Dagate strips some Egyptian wheat along field edges, ditchbanks
that may bisect his millet patches, or even down the middle of
some of his bigger fields, and leaves the wheat – which may reach
five or six feet in height – to provide cover for his hunters.
He’ll occasionally throw in some wild-game sorghum, which matures
in three months, grows to a height of about 18 inches and will
add to the amount of seed on the ground.
For the second and third seasons, he’ll cut his millet or sorghum
about two weeks before the opener, because he knows that the majority
of second- and third-season birds are migratory, and he’s got
to put more grain on the ground to attract them.
“The early season, in September, all you’re shooting is local
doves; the migratory birds come in October and November,” he said.
“You get some migratory birds in northern Louisiana for that first
season, because you get some cool fronts that bring in birds,
but they bog down before they get to south Louisiana.
“The local birds, you shoot them the first season, but they
aren’t going anywhere. They’re born and raised down here, and
they’ll stay here. They get a little more shy after you’ve shot
them three or four times, but in the second season, you get a
lot of migratory birds in here.”
Dagate says that serious dove hunters need to take into consideration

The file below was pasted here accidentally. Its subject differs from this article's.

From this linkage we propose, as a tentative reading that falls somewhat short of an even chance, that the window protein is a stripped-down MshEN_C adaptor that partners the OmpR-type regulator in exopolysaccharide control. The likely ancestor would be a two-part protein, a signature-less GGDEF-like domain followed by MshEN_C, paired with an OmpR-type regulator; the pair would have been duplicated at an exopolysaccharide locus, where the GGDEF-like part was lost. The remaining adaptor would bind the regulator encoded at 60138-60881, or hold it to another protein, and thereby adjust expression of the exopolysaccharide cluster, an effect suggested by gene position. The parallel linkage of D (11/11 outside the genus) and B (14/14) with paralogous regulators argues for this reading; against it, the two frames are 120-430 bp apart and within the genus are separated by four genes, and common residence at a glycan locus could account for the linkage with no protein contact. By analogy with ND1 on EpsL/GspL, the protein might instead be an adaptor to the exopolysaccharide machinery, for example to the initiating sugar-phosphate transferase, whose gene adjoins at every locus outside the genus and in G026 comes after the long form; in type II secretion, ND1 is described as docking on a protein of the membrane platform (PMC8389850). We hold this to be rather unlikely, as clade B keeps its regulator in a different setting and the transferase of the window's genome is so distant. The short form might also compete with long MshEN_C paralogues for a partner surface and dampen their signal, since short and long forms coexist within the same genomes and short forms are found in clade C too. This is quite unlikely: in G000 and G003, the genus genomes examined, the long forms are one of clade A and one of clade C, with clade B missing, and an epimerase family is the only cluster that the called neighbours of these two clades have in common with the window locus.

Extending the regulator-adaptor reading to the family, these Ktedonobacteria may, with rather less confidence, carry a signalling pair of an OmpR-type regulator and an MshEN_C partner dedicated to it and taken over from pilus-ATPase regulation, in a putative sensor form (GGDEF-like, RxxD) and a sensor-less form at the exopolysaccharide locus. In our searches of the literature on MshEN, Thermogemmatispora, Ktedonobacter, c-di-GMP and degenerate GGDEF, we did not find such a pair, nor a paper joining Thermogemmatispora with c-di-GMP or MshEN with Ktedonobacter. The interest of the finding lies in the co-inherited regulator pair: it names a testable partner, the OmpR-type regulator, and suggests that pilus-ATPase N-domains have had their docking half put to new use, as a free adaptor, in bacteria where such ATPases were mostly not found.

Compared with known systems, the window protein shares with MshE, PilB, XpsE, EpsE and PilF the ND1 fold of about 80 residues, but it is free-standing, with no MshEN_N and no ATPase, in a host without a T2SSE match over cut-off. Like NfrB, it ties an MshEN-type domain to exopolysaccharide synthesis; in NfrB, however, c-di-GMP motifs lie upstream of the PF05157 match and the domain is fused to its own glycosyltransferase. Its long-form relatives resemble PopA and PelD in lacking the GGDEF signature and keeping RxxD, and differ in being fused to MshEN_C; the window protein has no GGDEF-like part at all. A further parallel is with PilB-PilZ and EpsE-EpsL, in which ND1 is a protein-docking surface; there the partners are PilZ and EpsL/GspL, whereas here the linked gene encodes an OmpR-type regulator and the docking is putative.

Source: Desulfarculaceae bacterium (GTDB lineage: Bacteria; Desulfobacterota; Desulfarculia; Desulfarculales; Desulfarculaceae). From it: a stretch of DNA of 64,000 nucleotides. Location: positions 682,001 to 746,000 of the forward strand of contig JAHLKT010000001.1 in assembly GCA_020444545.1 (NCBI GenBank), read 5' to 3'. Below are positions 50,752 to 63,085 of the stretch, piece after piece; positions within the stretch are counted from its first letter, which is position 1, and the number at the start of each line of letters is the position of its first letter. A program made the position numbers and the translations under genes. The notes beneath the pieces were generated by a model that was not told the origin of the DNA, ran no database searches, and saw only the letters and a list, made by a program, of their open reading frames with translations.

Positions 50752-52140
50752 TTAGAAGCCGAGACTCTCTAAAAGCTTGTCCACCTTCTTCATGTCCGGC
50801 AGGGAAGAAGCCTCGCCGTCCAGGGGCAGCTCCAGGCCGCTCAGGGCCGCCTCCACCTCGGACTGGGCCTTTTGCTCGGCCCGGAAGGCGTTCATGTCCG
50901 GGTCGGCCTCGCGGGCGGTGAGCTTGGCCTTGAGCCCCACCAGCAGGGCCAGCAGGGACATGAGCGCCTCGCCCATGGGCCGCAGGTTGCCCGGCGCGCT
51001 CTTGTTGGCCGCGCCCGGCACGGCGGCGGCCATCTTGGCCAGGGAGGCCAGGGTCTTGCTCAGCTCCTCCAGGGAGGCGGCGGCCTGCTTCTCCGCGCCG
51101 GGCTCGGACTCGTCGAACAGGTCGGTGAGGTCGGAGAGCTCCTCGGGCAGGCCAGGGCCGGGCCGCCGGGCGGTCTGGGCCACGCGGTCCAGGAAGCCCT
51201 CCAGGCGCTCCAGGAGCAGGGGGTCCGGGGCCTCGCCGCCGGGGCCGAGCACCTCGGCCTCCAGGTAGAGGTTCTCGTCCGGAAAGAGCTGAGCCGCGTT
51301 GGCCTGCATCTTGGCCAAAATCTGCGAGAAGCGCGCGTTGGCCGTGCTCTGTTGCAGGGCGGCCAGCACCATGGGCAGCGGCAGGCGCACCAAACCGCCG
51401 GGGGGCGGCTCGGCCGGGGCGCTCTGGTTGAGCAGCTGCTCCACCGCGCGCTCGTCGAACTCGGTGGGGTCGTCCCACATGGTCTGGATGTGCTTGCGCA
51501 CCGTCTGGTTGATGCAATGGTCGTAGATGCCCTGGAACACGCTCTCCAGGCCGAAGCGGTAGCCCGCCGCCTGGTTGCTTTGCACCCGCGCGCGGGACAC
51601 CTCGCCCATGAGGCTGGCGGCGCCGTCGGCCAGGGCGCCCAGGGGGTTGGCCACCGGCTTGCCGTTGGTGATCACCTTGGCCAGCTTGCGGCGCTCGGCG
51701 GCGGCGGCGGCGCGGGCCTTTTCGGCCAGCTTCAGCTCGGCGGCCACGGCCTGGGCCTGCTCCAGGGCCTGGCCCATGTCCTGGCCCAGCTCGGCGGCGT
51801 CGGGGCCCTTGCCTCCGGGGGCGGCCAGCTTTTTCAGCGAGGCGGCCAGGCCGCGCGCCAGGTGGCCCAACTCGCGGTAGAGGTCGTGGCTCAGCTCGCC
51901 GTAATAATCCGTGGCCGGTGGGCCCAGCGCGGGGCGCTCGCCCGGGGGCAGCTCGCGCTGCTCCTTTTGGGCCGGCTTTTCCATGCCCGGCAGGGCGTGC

which doves they’re shooting when planning hunts. Early season
hunts for resident birds don’t need to start until mid- or late-afternoon.
Second-season hunts for migratory birds can start at noon or,
when legal, in the morning just after daylight.
“That first season, it’s so hot, guys who get in the field at
noon and stay a couple of hours, sometimes they can’t take the
heat, so I try to keep them out of the field until at least 2:30,”
Dagate said. “Most of the time, your resident or local birds,
they won’t come into a field until 3 o’clock. Those local birds
are healthy, well-fed, and they’re in the area year-round, so
they’ve got good weight on ‘em. They can come into a field at
3, and in an hour or hour-and-a-half, they can feed all they need
and go to roost. I’ve hunted fields where birds didn’t come in
“The migratory birds, they’re worn down from migrating, kind
of poor, and they’ll stay in a field all day, feeding,” he said.
“You can start shooting them at 12 o’clock. I like to put guys
in the field and let them shoot until about 3:30, then pull them
out, because the birds will keep coming into the field, and they’ll
stay in there until about 5, feeding, and the next day, they’ll
be back and you can shoot them again.
“We hunt in the morning when we can, and then, you don’t have
to wait. Those birds have been on the roost all night, and they’re
hungry, and they’ll come in right at daylight, about 7 o’clock,
to start feeding. Then, as the day goes on, they’ll go get grit,
and they’ll get water and go to the roost, then they’ll come back
to the fields to feed. In the morning, 99 percent of the birds
will be in the field within a half-hour of daylight.”
Atwell loves the second and third seasons much more than the
first, because of the potential for incredible numbers of doves.
|Photo by DAN KIBLER
|Decoys come in handy to
draw doves to your position in the field.
“A lot of people feel like there aren’t any doves because it’s
late in the season, but we have some of our best shoots in October
and November,” he said. “It’s hard to say we have more doves then,
because we have so many all the time, but we sure don’t have less.
I love to run dove hunts in October and November. We smoked them